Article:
On Thursday evening, word spread that Apple might be purchasing Beats Electronics for $3.2 billion, in what would be Cupertino's most expensive acquisition ever. The story was first reported by the Financial Times, but the New York Times and Wall Street Journal soon corroborated it with their sources. In a brief video that was quickly erased from Facebook, Dr. Dre seemed to confirm the news himself in a short selfie video with his friend Tyrese, who ordained the Compton legend the world's first rap billionaire. (The video later surfaced on YouTube.)
On paper, the deal can seem quite puzzling. Beats is perhaps best known for its enormous, trendy, and largely ornamental headphones that critics argue are woefully overpriced; earbuds notwithstanding, Apple stakes its reputation on building high-quality hardware like computers and phones. And if it is a streaming music service that Apple is after—Beats recently launched Beats Audio, which received tepid reviews and boasts just 200,000 or so subscribers—then why wouldn't Apple look instead at Spotify, which has 24 million active users? With $150 billion of Apple cash on hand, Tim Cook could certainly afford to make Spotify a hard-to-refuse offer.
But there is one thing Beats does well: Sell expensive audio equipment to young people. By some estimates Beats generates over $1 billion in revenue a year, and owns a commanding 51% of the premium headphone market. Like Apple and the iPod, Beats practically created the category.
This was largely accomplished through savvy marketing, and catalyzed by the connections of Interscope cofounder Jimmy Iovine and the rap impresario Dr. Dre. Together, the Beats founders were able to make the headphones covetable by plastering the shiny "b" logo everywhere: around the necks of NBA superstars, in the videos of just about every mainstream rapper, and even in the Twitter timelines of, say, Lady Gaga.
Whatever you may think of its hardware, Beats's ability to weave an emotional thread to its customers may be the key to understanding why Apple—which, let's remember, has historically leaned conservative in terms of splashy acquisitions—would suddenly open its checkbook. Dr. Dre, as Iovine likes to note, "showed us how to turn our ideas and emotions into a real thing."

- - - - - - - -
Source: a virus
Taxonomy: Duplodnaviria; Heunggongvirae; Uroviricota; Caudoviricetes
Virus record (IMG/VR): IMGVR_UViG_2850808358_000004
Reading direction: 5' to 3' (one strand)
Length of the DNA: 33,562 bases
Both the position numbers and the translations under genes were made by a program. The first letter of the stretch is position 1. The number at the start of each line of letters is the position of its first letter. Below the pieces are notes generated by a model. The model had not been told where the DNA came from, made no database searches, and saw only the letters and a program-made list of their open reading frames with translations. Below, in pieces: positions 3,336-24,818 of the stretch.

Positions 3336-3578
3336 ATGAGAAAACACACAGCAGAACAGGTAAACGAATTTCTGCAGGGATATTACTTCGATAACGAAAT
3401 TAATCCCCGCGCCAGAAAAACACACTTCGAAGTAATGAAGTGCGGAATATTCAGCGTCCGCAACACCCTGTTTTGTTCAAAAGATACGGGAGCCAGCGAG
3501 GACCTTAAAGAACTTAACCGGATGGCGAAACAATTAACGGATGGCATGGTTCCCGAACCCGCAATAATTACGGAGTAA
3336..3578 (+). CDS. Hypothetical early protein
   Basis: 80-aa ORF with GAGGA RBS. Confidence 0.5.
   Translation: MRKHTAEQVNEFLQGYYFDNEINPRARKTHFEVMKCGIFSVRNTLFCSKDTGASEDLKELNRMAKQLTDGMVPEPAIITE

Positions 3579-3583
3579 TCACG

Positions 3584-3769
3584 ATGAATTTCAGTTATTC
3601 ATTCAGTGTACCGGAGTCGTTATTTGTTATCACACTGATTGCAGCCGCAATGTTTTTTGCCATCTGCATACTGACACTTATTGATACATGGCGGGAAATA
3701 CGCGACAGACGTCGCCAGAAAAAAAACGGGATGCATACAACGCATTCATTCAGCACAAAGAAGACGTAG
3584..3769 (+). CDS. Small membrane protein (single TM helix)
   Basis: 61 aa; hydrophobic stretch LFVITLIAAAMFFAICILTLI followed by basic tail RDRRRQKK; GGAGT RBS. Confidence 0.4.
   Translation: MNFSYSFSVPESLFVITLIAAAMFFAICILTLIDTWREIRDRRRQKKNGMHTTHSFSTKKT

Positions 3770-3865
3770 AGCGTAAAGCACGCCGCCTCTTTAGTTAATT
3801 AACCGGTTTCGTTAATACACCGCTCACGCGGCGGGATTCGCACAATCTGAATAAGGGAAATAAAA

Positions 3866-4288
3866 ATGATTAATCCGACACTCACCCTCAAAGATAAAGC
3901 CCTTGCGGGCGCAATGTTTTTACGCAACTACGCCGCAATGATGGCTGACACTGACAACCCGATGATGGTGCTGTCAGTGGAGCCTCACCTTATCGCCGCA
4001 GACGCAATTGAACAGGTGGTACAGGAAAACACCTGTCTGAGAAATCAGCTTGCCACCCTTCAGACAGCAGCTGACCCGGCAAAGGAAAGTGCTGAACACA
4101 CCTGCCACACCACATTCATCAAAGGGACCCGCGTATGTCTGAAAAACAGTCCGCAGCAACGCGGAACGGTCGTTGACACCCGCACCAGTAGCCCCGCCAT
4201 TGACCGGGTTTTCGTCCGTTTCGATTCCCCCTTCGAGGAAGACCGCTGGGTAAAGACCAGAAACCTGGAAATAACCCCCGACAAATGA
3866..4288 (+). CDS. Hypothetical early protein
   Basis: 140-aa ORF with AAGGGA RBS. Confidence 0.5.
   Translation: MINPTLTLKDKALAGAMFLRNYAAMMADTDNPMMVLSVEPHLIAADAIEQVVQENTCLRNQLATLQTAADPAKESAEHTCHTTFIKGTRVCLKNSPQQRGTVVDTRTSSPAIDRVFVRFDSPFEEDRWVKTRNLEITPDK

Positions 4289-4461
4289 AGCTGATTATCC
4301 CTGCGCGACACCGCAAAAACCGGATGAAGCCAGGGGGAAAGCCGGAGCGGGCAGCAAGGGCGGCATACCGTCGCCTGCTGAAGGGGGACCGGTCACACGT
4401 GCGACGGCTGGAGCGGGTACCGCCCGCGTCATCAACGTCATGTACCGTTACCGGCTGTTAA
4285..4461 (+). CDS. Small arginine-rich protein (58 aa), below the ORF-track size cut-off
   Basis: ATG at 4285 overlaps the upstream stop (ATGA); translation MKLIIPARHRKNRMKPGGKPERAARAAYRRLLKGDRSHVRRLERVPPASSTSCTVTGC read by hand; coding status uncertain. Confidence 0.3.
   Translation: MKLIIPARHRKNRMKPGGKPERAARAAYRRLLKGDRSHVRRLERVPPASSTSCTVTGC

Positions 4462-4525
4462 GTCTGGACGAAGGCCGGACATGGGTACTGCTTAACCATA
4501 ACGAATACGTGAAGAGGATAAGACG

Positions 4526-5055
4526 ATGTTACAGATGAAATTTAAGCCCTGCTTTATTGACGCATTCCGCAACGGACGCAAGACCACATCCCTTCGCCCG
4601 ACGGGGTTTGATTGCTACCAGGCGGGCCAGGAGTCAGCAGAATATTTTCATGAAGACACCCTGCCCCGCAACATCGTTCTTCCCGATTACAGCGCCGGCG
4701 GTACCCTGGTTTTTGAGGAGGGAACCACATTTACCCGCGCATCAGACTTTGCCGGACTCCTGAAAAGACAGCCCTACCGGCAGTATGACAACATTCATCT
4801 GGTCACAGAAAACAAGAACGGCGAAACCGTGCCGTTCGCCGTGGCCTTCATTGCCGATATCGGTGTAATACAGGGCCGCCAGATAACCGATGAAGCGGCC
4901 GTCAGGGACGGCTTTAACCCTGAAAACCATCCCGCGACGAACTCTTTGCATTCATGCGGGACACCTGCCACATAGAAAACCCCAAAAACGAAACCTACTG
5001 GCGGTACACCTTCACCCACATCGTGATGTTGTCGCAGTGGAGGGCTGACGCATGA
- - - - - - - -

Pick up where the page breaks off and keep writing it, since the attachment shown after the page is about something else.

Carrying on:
If Apple has an Achilles' heel, it has been selling the public on streaming music. Apple's track record launching new music products has been nothing short of atrocious. Remember Ping? Or the clumsily implemented iTunes Match?
BuzzFeed's Peter Lauria reports that, according to sources, Apple purchasing Beats would at least partly be an acqui-hire (emphasis added):
[Iovine] was one of the first industry executives to anticipate the download business’s decline and advocate for subscription and streaming services as music’s future. While Apple has been talking up iTunes in recent earnings calls, in the last one saying that it had brought in $2.6 billion in revenue in the first quarter this year, up 9% from the same quarter a year ago and hitting an all-time record, sales of apps have been the driving force of its growth. According to the source, Apple is buying Beats in part to bring Iovine onboard to "revamp and run its whole music strategy."
Tim Cook is many things (stoic, a supply chain genius, etc.), but being a salesman is not one of his strengths. Iovine, with his trademark baseball cap and tinted eyeglasses, is a charismatic presence with something of a ruthless reputation for being a shark. In addition to Beats, he is also the chairman of Interscope/Geffen/A&M. (Let's just say that Apple's relationship with the record labels has been, how you say, not the friendliest.) Iovine has proven he can finesse an otherwise unremarkable product into an entirely new market segment worth billions.
Yes, the pieces don't fit together perfectly. But here is what Beats would theoretically bring to the table: The iPhone's earbuds would get a little better; Apple acquires a fine if small streaming music service, which may provide another credit card funnel to iTunes; and Apple gets a flashy, influential salesman with deep connections in the record industry who has proven he can spin straw into gold. It is highly unlikely that there will be any Harvard Business cases lauding Apple for its genius in the foreseeable future. But for $3 billion or so? 2% of Apple's cash? Beats Electronics wouldn't be a terrible buy for Tim Cook and Co. either.